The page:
Research shows that ‘hands-free’ doesn’t mean ‘brain free’ and that talking while driving is a risky proposition.

Many people pride themselves on their multi-tasking abilities, but maybe the human brain just isn’t equipped to handle more than one complex task at a time.

Researchers from St. Michael’s Hospital in Toronto proved this point when they tested how well drivers could make a left turn while talking on a hands-free cell phone. Their results were published in the journal Frontiers in Human Neuroscience.

Researchers monitored the brain activity of young, healthy drivers using a functional magnetic resonance imaging (fMRI) machine while the research subjects used a driving simulator.

As the test subjects drove in increasingly difficult situations, researchers monitored their brain activity, namely which parts of the brain were activated during different driving tasks. They even spiced things up by having the subjects answer true-or-false questions while driving, simulating the experience of making a hands-free phone call.

They found that during a left turn—especially while talking—the brain’s focus shifts from the visual cortex to the prefrontal cortex. Basically, the brain diverts power away from the part that let’s you see where you’re going and toward the part dedicated to decision-making.

“Visually, a left-hand turn is quite demanding,” lead researcher Dr. Tom Schweizer said in a press release. “You have to look at oncoming traffic, pedestrians, and lights, and coordinate all that. Add talking on a cell phone, and your visual area shuts down significantly, which obviously is key to performing the maneuver.”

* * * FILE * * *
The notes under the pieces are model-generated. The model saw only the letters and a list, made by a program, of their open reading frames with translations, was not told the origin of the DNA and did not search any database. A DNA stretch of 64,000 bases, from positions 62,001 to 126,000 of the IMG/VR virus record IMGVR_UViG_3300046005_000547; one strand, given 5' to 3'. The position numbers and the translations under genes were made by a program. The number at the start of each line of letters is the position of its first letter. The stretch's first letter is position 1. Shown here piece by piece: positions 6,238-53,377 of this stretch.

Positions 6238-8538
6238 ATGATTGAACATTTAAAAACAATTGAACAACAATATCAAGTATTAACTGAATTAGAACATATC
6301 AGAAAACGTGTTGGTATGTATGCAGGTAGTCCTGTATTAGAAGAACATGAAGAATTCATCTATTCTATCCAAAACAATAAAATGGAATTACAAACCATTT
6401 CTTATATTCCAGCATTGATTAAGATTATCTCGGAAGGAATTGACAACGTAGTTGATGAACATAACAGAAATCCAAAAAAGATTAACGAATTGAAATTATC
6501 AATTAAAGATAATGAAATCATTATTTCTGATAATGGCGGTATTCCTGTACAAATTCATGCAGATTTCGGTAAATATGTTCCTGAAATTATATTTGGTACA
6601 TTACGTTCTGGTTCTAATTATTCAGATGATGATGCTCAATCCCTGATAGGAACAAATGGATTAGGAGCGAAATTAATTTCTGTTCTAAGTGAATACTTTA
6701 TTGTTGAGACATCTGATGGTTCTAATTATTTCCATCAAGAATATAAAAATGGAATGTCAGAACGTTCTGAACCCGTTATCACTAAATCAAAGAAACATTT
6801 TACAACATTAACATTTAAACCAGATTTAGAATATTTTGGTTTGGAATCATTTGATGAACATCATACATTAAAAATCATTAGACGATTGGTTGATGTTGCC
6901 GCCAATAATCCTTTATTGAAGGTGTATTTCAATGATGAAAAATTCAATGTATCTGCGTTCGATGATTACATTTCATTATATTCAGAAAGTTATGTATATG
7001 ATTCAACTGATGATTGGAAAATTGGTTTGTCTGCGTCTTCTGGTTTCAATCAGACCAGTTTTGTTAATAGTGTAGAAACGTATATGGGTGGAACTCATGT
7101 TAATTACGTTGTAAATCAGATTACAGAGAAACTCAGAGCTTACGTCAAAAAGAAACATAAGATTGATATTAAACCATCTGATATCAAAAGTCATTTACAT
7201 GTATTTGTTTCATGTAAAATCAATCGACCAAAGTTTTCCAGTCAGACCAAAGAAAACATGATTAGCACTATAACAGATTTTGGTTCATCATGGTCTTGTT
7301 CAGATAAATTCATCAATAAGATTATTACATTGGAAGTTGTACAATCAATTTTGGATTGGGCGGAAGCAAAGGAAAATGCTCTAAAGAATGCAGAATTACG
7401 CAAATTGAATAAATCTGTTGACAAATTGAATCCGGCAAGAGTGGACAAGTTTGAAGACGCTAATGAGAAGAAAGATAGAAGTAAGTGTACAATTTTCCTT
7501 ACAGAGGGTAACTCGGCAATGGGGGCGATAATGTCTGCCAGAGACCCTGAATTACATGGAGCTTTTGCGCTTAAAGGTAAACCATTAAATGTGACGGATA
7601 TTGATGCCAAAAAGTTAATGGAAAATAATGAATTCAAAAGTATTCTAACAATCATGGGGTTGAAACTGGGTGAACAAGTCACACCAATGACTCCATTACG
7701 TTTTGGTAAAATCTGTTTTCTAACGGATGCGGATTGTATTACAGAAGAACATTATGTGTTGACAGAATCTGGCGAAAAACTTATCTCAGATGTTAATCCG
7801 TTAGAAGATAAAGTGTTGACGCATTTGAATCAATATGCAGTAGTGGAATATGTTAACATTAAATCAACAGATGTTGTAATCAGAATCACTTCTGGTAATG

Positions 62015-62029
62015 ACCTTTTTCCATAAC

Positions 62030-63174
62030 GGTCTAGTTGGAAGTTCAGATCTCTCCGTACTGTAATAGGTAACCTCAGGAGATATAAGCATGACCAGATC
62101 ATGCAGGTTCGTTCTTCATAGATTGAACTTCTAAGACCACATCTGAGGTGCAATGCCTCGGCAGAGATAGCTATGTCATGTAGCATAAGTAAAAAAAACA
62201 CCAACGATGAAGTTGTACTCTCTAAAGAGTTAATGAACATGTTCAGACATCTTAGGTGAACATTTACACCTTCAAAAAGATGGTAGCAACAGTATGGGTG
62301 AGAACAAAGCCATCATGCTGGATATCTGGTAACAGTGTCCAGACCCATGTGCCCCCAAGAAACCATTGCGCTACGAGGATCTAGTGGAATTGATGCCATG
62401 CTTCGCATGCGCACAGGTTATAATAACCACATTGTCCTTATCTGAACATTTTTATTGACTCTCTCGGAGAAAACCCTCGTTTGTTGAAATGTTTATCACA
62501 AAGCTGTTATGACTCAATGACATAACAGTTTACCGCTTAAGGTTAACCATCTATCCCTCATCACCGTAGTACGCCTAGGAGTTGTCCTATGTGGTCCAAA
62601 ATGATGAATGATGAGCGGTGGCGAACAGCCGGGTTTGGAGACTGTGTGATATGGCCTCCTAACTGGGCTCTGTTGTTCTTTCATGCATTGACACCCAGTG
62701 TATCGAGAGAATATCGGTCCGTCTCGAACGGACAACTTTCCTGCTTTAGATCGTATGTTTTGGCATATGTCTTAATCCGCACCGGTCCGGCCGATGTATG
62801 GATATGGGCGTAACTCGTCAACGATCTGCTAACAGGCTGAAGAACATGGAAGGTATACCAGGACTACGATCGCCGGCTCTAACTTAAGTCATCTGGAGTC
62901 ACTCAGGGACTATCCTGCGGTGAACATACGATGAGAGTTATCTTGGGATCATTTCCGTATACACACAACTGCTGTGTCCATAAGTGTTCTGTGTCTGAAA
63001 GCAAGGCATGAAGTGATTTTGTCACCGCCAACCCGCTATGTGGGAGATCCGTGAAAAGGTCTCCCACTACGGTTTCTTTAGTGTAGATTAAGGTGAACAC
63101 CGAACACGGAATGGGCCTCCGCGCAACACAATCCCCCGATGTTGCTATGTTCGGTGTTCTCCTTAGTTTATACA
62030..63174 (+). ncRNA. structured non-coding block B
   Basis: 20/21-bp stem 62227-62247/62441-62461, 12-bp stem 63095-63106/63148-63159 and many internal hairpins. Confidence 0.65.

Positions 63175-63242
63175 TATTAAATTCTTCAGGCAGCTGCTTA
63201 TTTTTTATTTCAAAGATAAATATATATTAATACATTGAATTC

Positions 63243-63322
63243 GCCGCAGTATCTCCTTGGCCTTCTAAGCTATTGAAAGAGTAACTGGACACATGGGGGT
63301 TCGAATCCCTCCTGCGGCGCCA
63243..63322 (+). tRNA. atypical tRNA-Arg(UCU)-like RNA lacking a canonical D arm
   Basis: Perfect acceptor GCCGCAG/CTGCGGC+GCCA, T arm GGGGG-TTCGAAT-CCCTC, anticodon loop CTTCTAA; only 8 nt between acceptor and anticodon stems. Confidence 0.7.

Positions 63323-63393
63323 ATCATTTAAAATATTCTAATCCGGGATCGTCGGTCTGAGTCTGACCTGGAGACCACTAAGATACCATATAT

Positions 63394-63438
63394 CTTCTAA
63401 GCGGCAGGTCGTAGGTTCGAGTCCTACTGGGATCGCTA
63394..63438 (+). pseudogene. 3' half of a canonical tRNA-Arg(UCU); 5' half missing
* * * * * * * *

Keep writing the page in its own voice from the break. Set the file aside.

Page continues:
So, for the safety of everyone involved, don’t confuse your brain and keep your eyes—and the rest of your focus—on the road, especially when taking a left.

The bottom line: Just don’t use your cell phone while driving.

“’Hands free’ does not mean ‘brain free,'” Schweizer said.

Left turns while talking aren’t the only things we’re not equipped to deal with. Research from earlier this year conducted at the University of Wisconsin-Madison found that those who multi-task the most are actually the least able to handle it.

The researchers found that those most likely to multitask do so not to get things done efficiently, but because they show high levels of impulsivity and sensation-seeking.

In fact, the main reason people attempt more than one task at a time is that they are unable to focus on a single item.

“Multi-tasking was shown to be particularly high amongst impulsive individuals who act without thinking and who have difficulty regulating their attention,” the researchers concluded. “These findings clearly suggest that multi-tasking is a matter of who is able to not multi-task as much as it is a matter of who is able to multi-task.”